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Kaabil (“Capable“) is stupid and gross. The movie’s biggest problem is that Yami Gautam’s character exists solely to be raped, an act which serves as a catalyst to transform Hrithik Roshan’s character into an avenging hero.
Roshan plays Rohan, a blind voice actor. One of his producers wonders how Rohan is able to deliver his dialogue in sync with the cartoon characters he voices when he can’t see the footage, but the question is offered as praise rather than a legitimate plot concern writer Vijay Kumar Mishra and director Sanjay Gupta simply ignore.
Gupta and Mishra also elect not to explain what preexisting relationship Rohan has with Amit (Rohit Roy) — a politician’s sleazy brother — and his toady, Wasim (Sahidur Rahaman). Events of the second half of the film make no sense unless Rohan has extensive background information about the two men and their families, which we’re not given any reason to believe he would have. It would also go a long way to explain why Amit and Wasim terrorize Rohan and his new wife, Supriya (Gautam), in the first place.
Most of the film’s first half is the establishment of Rohan’s romantic relationship with Supriya, with whom he’s setup by a mutual acquaintance based on the couple’s mutual blindness. They’re both kind people, but Supriya emphasizes how much she values her job and her independence, and says she is loath to sacrifice either for marriage. If only she’d stuck to her guns.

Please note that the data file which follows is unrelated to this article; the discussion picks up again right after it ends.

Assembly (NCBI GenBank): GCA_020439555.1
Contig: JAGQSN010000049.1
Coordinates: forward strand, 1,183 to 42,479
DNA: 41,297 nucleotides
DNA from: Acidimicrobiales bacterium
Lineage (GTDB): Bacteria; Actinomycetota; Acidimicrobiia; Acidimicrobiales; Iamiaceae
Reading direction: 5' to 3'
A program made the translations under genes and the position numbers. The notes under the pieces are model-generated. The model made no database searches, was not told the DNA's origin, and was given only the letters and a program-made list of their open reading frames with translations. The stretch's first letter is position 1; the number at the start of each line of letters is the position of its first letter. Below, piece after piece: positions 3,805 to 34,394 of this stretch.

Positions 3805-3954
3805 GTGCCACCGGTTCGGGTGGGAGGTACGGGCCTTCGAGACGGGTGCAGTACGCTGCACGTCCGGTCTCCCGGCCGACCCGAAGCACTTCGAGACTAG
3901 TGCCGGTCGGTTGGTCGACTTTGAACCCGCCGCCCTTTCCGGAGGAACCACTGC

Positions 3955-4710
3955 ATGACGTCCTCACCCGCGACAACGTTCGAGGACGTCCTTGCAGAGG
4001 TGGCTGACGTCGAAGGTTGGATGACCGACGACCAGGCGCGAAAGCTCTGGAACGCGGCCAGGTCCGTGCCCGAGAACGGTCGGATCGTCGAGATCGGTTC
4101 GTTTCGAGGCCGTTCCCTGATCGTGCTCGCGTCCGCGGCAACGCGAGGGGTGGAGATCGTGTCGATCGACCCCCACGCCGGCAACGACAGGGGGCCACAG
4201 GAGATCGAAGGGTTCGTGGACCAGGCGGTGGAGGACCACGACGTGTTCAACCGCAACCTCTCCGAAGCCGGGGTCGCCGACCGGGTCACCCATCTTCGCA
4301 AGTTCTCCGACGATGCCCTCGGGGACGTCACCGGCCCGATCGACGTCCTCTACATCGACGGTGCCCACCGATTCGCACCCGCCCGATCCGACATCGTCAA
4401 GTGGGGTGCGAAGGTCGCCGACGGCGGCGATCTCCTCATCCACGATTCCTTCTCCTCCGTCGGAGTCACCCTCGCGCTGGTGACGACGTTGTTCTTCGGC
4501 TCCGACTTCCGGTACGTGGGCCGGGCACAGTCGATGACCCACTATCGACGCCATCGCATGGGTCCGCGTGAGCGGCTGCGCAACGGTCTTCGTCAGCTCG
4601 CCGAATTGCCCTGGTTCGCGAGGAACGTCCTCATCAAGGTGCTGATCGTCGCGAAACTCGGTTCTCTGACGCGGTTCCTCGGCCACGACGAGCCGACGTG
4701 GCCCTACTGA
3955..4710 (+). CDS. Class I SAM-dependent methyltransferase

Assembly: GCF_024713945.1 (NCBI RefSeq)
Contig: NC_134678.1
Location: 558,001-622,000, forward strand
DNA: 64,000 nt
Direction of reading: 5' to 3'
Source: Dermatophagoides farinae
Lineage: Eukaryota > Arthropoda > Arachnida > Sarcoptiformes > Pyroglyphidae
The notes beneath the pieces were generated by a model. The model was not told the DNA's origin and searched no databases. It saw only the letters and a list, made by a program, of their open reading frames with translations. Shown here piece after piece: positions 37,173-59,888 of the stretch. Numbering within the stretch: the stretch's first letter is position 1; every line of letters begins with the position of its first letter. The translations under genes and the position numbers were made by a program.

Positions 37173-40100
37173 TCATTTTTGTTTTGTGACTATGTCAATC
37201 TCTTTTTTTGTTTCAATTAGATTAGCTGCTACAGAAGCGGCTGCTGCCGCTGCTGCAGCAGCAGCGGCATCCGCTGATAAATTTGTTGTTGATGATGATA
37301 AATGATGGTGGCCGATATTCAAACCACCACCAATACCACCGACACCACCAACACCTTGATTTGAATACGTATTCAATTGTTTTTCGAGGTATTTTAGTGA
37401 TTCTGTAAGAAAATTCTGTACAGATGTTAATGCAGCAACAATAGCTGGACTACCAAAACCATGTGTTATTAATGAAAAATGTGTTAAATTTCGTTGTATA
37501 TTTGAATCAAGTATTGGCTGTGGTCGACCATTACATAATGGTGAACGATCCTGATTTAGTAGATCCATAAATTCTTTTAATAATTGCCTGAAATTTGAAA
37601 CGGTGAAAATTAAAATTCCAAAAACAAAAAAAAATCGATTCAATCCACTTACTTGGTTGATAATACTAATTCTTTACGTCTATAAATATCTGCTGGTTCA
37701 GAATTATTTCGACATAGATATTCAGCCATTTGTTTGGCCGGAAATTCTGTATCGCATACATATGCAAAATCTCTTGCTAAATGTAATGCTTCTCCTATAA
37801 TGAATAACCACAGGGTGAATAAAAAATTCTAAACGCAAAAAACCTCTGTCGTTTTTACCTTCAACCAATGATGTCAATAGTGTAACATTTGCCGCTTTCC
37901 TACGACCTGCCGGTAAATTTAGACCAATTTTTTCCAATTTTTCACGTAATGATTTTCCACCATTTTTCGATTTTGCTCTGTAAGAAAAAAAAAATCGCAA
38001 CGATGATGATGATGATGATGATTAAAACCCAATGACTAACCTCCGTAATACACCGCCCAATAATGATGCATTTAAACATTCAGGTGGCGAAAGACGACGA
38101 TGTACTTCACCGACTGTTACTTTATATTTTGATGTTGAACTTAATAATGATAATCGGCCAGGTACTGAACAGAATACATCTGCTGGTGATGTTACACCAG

Instead, Supriya marries Rohan, with whom she enjoys a brief period of happiness before Amit and Wasim rape her because of some unexplained animosity toward Rohan. Throughout her ordeal, the movie gives no consideration to Supriya’s feelings, focusing instead on how her assault affects Rohan. She tells her husband, “Now I am not the same person for you.” Rohan doesn’t contradict her, his silence confirming her worst fears. He later claims he needed time to process what happened. You’d almost think he was the one who’d been raped.
Not long after Supriya’s assault, director Gupta inserts an item number into the film. The audience is supposed to pivot from being disgusted by a rape to now being titillated by closeups of Urvashi Rautela’s thighs and cleavage while Amit sings. It’s repulsive.
Rohan’s revenge is built on a number of conveniences, including his aforementioned intimate knowledge of Amit’s and Wasim’s families derived from who knows where. Rohan is also a master of hiding in the shadows, which is pretty amazing considering that he’s blind! He’s been blind since birth, so he’s never so much as seen a shadow, let alone learned how to use them to conceal his whereabouts.
Kaabil is so dumb that it would be tempting to laugh it off, were it not guilty of creating a confident female character just for the purposes of turning her into a plot device. It’s a textbook example of the offensive “Women in Refrigerators” trope, explained brilliantly in the video below: